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VIDEO: Female HS student punches teacher in face, adds 'don't f***in' get smart with me

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A 17-year-old female was caught on video punching a chemistry teacher in the face inside a classroom at Frederick Douglass High School in Baltimore last week. (Image source: WBAL-TV video screenshot)

A 17-year-old female was caught on video punching a chemistry teacher in the face inside a classroom at Frederick Douglass High School in Baltimore last week, WBAL-TV reported.

It appeared two female students were tussling near the classroom door Wednesday while the teacher was speaking to other students out of frame. Suddenly one of the tussling students pushed the other one away and then punched the teacher on the left side of her face; the teacher turned away in apparent pain and covered part of her face with her hand.

"What the f*** you talkin' 'bout?" the student could be heard saying. "Don't f***in' get smart with me. Straight up." The student then walked out the classroom door.

Image source: WBAL-TV video screenshot

The teacher responded, "I didn't get smart with you," and then followed the student out the door and appeared to be speaking to someone else about the incident before the video ended.

Who is the teacher?

The teacher's name wasn't reported, but WBAL said she's "a highly regarded state science educator and a respected elder at a local church." She wasn't seriously injured, the station said, adding that the teacher wasn't in class Thursday.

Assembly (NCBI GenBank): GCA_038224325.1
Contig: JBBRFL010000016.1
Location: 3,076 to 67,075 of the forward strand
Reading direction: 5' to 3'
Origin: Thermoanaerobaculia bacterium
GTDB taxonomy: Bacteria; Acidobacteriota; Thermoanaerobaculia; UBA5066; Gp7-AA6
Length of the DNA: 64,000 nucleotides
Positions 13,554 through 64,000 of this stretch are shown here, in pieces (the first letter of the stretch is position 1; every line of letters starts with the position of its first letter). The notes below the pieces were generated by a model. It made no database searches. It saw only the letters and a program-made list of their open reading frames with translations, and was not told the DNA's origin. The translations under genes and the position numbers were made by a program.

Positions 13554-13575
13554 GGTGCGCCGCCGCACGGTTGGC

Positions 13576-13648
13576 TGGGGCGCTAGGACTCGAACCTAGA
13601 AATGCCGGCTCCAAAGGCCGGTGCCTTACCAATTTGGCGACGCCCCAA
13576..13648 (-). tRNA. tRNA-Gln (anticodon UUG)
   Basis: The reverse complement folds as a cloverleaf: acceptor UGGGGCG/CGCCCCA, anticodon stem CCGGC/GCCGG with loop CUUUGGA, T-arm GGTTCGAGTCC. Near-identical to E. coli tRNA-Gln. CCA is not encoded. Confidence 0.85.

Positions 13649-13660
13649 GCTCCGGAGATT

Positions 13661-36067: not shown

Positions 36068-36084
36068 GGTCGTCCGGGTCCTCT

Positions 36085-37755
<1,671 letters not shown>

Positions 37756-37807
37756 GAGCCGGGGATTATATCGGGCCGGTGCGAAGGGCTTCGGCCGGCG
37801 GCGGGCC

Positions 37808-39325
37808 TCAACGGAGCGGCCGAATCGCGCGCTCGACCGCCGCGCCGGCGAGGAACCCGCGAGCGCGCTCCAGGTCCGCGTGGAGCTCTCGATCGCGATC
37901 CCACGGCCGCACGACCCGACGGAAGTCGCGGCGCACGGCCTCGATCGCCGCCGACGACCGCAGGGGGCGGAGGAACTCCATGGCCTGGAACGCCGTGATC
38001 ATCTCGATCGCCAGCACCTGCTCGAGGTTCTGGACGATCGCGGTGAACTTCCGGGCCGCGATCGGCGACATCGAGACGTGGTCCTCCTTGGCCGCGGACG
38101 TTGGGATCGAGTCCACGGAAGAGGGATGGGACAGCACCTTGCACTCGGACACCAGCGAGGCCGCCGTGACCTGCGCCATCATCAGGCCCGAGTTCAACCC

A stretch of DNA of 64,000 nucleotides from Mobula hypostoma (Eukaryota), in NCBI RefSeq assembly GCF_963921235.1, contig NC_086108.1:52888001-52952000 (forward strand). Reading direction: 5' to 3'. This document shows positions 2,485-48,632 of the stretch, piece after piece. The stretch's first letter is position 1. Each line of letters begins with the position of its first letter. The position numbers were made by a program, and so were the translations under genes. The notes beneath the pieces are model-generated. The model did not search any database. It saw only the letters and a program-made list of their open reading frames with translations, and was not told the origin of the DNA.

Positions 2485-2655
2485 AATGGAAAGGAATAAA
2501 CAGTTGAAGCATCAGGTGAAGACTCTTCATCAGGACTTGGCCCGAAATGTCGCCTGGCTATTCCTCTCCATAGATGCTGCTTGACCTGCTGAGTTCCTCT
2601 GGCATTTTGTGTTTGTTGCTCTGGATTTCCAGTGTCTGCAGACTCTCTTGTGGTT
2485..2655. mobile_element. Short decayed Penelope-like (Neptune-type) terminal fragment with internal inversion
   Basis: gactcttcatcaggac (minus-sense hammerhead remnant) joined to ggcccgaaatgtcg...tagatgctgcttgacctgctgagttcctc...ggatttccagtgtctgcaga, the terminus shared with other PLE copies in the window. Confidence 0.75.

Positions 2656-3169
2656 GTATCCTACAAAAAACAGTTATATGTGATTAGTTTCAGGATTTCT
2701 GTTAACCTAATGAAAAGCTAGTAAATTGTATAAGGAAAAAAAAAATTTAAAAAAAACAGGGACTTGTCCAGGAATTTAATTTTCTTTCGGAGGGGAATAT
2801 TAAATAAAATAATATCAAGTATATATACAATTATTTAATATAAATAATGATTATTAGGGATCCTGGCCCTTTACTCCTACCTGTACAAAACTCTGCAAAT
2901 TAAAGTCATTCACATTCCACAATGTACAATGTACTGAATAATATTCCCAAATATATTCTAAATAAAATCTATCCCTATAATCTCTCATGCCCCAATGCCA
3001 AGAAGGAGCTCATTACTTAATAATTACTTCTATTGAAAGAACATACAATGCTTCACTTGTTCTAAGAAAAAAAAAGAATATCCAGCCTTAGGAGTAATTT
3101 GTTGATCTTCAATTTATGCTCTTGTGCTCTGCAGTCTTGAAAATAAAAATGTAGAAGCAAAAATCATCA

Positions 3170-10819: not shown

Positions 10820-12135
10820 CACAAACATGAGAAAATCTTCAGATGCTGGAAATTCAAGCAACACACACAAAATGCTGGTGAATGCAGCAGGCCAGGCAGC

What are school officials saying?

"Baltimore City Public Schools leaders are working closely with the Frederick Douglass High School leadership team to support students and staff following Wednesday's altercation between a teacher and student," a district statement said, WBAL reported. "Our focus is on ensuring a safe teaching and learning environment for students and staff. We understand that an incident like this one can be difficult to process. School counselors and social workers will be available at the school for students and staff to address any questions and concerns they may have. District leaders have also reached out to the teacher to provide any additional support that may be needed."

Marietta English, president of the Baltimore Teachers Union, told the station she was "angry" about the incident.

"Of course, I was very angry when I saw that because we've asked that there be some kind of support for our teachers, and something needs to happen," she added to WBAL.

Image source: WBAL-TV video screenshot

What are local people saying?

"I think the children out here are losing lack of consideration and love," Jamal Talib, a Baltimore resident, told the station. "They're not being taught a conscience of how to treat others how they want to be treated."

Marvin McDowell, another city resident, added to WBAL that "if there's a situation going on at home and they go out into the public, they're going to carry that same attitude, and the same situation is going to happen on the outside."



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(H/T: Blue Lives Matter)

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